Flight characteristics of birds:

IBIS, Issue 2 2001
I. radar measurements of speeds
This is the first part of a study on flight characteristics of birds and presents an annotated list of flight speeds of 139 western Palearctic species. All measurements were taken with the same tracking radar and corrected for wind influence according to radar-tracked wind-measuring balloons. Graphical presentation of the birds' air speeds emphasizes the wide variation of speeds within species and allows easy comparison between taxonomic groups, species, and types of flight. Unlike theoretical predictions, speeds increase only slightly with size. The larger species seem to be increasingly limited to speeds close to their speed of minimum power consumption Vmp',. Released birds, apparently reluctant to depart with migratory speed, fly at considerably lower speeds than migrating conspecifics. While large birds seem to be limited to speeds around Vmp', smaller birds seem to be capable of selecting between various speeds, approaching predicted Vmp, when tending to remain airborne at low cost, but flying at much higher speeds when tending to make best progress at low cost (around predicted speed of maximum range Vmr,). Predictions of air speeds by aerodynamic models proved to be too low for small birds because the models do not account for the gain in speed attained by the reduction in profile drag during bounding flight of small passerines. The models predict excessive speeds for large birds because the power output available for flight seems to decline much more with size than previously assumed. [source]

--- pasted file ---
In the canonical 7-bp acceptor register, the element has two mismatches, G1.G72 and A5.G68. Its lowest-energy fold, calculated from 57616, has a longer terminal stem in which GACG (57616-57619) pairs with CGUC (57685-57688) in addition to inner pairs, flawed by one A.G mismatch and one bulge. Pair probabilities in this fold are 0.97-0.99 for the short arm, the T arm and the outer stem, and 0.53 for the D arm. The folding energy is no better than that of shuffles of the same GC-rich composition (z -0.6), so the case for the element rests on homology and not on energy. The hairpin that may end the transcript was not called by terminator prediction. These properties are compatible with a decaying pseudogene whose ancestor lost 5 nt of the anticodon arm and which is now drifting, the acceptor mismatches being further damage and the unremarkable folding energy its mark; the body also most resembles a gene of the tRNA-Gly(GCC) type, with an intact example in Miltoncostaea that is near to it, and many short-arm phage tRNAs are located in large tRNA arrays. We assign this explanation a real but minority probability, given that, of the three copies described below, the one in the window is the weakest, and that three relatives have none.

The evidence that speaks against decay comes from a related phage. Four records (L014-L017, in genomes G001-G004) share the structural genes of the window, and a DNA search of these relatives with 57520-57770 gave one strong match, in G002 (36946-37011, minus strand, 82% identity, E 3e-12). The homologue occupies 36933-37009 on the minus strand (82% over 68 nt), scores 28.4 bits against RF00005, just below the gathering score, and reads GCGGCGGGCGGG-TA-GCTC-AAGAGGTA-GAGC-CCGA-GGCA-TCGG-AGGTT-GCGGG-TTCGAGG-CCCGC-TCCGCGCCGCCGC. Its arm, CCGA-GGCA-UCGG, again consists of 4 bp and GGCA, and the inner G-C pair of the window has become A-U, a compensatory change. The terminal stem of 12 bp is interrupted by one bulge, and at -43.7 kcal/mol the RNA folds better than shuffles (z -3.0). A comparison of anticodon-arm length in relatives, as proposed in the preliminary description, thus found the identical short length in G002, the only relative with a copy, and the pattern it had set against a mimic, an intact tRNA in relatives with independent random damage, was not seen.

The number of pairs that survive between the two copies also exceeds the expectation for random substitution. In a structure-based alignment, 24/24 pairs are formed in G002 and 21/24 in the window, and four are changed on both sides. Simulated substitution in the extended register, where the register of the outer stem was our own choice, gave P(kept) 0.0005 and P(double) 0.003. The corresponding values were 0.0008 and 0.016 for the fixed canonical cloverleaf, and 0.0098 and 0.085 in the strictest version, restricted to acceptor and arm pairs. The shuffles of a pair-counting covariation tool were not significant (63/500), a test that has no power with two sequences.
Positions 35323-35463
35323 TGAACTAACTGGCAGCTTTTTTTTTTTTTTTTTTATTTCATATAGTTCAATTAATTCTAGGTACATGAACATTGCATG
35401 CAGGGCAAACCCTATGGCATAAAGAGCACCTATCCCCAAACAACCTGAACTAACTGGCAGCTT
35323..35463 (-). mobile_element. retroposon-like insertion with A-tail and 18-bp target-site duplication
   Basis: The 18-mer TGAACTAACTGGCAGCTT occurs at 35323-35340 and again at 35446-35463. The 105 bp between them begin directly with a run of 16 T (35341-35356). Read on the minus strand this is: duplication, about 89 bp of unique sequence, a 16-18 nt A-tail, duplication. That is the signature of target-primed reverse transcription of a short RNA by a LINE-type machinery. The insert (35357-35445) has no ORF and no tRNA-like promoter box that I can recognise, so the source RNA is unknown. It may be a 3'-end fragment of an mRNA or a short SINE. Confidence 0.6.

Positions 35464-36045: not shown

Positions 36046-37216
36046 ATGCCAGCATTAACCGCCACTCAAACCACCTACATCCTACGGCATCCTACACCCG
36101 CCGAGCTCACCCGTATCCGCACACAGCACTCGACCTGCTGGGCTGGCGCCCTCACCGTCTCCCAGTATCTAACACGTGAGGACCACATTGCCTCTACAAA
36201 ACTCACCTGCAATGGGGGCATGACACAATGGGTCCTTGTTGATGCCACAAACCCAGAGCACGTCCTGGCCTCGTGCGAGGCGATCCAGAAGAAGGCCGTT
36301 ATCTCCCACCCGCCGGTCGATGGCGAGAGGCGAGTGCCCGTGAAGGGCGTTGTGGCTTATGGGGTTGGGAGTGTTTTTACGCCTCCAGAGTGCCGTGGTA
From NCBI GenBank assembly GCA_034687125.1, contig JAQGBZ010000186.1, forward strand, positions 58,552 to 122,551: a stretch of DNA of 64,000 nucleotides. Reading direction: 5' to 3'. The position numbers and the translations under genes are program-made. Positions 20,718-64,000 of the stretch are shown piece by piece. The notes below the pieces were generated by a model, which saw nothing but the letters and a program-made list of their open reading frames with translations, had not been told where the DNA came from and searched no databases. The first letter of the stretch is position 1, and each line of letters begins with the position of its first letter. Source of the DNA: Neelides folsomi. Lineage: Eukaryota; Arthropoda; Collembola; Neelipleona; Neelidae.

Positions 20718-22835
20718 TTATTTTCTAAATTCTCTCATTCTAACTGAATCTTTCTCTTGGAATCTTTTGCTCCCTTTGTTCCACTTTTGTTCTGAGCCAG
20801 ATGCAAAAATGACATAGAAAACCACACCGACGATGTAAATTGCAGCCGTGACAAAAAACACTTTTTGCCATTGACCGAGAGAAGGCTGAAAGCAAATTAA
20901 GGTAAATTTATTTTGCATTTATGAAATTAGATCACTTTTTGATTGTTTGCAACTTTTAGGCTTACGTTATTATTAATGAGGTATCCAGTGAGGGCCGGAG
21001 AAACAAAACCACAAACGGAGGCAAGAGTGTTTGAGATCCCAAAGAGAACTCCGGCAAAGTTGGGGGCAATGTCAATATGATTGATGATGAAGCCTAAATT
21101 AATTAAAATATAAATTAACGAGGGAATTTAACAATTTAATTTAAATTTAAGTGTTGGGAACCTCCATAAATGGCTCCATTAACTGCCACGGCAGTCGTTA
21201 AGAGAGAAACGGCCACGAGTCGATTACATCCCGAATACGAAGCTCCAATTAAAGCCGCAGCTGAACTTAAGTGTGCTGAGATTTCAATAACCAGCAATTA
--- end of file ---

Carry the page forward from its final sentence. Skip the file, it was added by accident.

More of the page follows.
Driving speed changes and subjective estimates of time savings, accident risks and braking

APPLIED COGNITIVE PSYCHOLOGY, Issue 4 2009
Ola Svenson
Participants made decisions between two road improvements to increase mean speed. Time saved when speed increased from a higher driving speed was overestimated in relation to time saved from increases from lower speeds. In Study 2, participants matched pairs of speed increases so that they would give the same time saving and repeated the bias. The increase in risk of an accident with person injury was underestimated and the increase in risk of a fatal accident grossly underestimated when speed increased. The increase of stopping distance when speed increased was systematically underestimated. In Study 3, the tasks and results of Study 2 were repeated with engineering students. When forming opinions about speed limits and traffic planning, drivers, the public, politicians and others who do not collect the proper facts are liable to the same biases as those demonstrated in the present study. Copyright 2008 John Wiley & Sons, Ltd. [source]